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Pulse

  • Love and the arts: Brian and Susan Froedge met through band

    The arts, specifically music, brought Brian and Susan Froedge together.

    They knew each other professionally when Brian, band director at North Hardin High School, began his career in band directing and Susan came back from college to help during band camp.

    After she began teaching at Radcliff Middle School, they began dating. Susan said the late Chuck Campbell, who was band director at NHHS, liked to take credit for being their matchmaker.

  • ‘Journey 2’ a fun family adventure

    “Journey 2: The Mysterious Island” follows the adventures Sean Anderson (Josh Hutcherson, “Journey to the Center of the Earth”) who takes the writings of Jules Verne literally.

    His adventure is a quest to find his grandfather on the Mysterious Island.

    Along the ride for this adventure are Dwayne “the Rock” Johnson (“Fast Five”), Michael Caine (“Inception”), Luis Guzman (“Arthur”), Vanessa Hudgens (“High School Musical”) and Kristin Davis (“Sex and the City”).

  • Celebrating with a little schmaltz

    Tuesday is Valentine’s Day, and I can’t help but reflect on how Valentine’s Day means different things to different people.

    For some, it’s an occasion to shower loved ones with cards, candy and gifts.

    Others decry what they consider the over-commercialization of a pseudo-holiday or the outright fabrication of an occasion as an excuse to spend money.

    As jaded as I am, in general, I must admit I’m closer to belonging to the former group than the latter.

  • Assassin takes center stage in one-man play at the PAC

    Hardin County Schools Performing Arts Center director Bart Lovins will portray an infamous assassin in “To Bury Caesar: An Evening With John Wilkes Booth,” a one-man play held this weekend.

    “To Bury Caesar” takes a glimpse into the psychology and history of Booth, who came from a famed acting family.

    In exploring the role, which he took to the stage last July and August, Lovins delved into the mind of Booth. Lovins characterized Booth as a Shakespearian actor who felt frustrated by his status with regard to his family.

  • Morrison Gallery exhibit features sculptures

    Sculptures incorporating experiences of exploring the woods around Bardstown take the spotlight beginning Monday at the Morrison Gallery at Elizabethtown Community and Technical College.

    The sculptures are the work of artist John “Jake” Oxnard and will be on display through March 25.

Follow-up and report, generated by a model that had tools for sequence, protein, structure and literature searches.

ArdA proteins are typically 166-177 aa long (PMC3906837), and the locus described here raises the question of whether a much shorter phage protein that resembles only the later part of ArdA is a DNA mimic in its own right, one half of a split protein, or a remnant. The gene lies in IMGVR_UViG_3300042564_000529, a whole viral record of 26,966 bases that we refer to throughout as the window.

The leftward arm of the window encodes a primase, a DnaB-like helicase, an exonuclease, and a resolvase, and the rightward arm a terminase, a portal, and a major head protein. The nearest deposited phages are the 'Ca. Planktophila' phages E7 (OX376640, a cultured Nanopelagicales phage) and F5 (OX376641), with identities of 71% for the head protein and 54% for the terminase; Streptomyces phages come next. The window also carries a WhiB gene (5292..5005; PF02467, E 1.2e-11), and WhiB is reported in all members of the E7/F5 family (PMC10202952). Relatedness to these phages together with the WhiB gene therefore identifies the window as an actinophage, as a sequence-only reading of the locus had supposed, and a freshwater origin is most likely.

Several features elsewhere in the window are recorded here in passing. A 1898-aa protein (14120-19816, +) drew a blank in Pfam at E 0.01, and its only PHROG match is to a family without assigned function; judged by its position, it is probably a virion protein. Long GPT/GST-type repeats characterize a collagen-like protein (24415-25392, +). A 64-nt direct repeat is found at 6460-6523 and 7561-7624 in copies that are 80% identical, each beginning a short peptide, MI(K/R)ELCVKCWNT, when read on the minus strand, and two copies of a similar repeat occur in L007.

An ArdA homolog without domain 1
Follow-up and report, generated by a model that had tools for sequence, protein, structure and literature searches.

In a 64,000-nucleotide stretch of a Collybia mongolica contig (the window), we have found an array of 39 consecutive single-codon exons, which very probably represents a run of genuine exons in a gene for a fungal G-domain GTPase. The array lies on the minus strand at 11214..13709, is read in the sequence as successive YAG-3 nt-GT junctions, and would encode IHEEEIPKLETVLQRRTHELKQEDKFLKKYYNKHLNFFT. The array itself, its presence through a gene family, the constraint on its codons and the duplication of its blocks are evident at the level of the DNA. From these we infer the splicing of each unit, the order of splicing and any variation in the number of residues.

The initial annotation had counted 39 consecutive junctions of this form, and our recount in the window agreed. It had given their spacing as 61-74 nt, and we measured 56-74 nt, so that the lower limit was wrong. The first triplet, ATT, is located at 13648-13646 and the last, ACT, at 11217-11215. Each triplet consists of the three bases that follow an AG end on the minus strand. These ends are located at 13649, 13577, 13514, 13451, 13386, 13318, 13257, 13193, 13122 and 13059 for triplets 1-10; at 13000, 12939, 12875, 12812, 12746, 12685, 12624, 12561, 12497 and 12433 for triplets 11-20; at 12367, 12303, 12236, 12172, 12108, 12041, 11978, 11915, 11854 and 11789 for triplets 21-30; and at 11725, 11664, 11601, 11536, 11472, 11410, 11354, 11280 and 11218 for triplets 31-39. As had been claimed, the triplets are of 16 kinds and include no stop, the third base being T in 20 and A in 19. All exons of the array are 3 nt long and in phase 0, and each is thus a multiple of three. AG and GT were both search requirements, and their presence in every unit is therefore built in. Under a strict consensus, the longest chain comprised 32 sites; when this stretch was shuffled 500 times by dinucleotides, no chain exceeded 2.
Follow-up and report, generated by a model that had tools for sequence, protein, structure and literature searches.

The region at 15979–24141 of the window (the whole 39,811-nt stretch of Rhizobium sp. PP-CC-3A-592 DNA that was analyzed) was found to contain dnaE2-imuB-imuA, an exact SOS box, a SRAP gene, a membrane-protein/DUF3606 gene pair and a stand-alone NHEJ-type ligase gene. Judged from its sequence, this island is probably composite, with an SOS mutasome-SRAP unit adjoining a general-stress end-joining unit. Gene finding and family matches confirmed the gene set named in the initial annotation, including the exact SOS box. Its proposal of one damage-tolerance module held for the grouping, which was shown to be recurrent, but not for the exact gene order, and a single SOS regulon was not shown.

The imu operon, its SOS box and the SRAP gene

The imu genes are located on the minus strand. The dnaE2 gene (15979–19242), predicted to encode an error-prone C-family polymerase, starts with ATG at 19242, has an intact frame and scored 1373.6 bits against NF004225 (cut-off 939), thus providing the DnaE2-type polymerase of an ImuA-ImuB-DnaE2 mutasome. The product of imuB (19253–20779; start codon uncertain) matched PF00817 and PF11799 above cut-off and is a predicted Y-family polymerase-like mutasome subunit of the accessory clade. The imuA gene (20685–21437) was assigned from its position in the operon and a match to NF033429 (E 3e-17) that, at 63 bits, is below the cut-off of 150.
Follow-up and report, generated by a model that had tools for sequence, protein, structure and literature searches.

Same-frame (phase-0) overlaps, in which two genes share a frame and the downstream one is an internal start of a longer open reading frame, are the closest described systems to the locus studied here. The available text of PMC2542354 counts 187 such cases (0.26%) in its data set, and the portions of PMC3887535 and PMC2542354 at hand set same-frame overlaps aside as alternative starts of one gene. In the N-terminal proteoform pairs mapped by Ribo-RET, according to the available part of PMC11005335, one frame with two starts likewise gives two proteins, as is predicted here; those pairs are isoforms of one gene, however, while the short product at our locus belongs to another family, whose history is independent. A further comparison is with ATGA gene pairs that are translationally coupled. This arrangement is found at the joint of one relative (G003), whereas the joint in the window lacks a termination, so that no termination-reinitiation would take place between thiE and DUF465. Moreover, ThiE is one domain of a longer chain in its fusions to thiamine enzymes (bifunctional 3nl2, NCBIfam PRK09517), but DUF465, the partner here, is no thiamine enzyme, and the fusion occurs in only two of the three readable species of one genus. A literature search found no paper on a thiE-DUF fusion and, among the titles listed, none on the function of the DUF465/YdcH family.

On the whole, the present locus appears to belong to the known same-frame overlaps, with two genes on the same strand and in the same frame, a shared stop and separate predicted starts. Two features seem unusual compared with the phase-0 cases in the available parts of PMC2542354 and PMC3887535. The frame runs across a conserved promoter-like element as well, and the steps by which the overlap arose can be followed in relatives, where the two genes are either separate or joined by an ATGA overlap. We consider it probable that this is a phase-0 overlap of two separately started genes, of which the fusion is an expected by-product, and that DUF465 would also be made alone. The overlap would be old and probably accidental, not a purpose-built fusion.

Oxnard, who graduated from the University of Kentucky with a Bachelor of Fine Arts, also used his study of cabinetry at Nelson County Vocational Technical School in Bardstown as a foundation for his work.

  • Local authors hold readings, signings in Radcliff

    Two local authors will read from and sign their books at 5 p.m. Friday at Bookends and More in Radcliff.

    Radcliff resident Billy H. Dean will sign copies of his books, “Underground” and “Raid on Innocence.”

    Dean grew up in southern Indiana and is a 22-year veteran of the U.S. Army. Work at Fort Knox brought him to Radcliff.

    Donia Lawson of Elizabethtown will sign copies of her book, “Always.”

    A discussion period follows the signings. There also is a drawing for a signed copy of one of Dean’s books.

  • HCP presents comic satire in 'Greater Tuna'

    The crazy antics of the folks in Tuna, Texas, return Friday to the Hardin County Playhouse.

    “Greater Tuna” is the first of four plays by Jaston Williams, Joe Sears and Ed Howard, said HCP artistic director Bo Cecil.

    “Traditionally, two actors portray all of the citizens in Tuna, the third smallest town in Texas, and HCP follows that tradition with two actors and a group of backstage dressers rounding out the company,” Cecil said, adding quick changes are part of the magic of the series.

  • A love of jolly ole England

    Recently, I was accused of having Anglophilia. Now before anyone gets their knickers in a knot, that simply means an admiration of England and all things English.

    I thought about it a while and maybe I am a bit enamored with England as well as Scotland, Ireland and Wales.

    Don’t get me wrong, I love America, am proud to be a citizen. And let’s face it, basketball and football beat soccer and cricket any day. But there’s something about the homeland of my ancestors.

  • 'The Descendants' lives up to the hype

    Vying for several Oscars, “The Descendants” finally made its way to local theaters. Among its nominations are Best Picture, Actor, Director and Adapted Screenplay.

    It’s the story of Matt King, played by George Clooney (“Ides of March”). King suffers hit after hit after hit in his life as his world collapses around him. But with a family decision looming and two daughters to care for, life must go on.

    That’s really what the core of this story is about. It’s about life.

  • Local children, pros hit the stage in 'The Tortoise vs. The Hare'

    Since the days of Aesop, the tortoise and hare have been locked in an epic race.

    The Missoula Children’s Theatre tells the story a little differently and incorporates local children into the telling.

    In the MCT version the reptiles and mammals have an annual race in West Sandy Bottoms. Hype men play up their favorites and fan clubs cheer on their picks.

    The lines are drawn between green and brown animals, a sort of racial divide.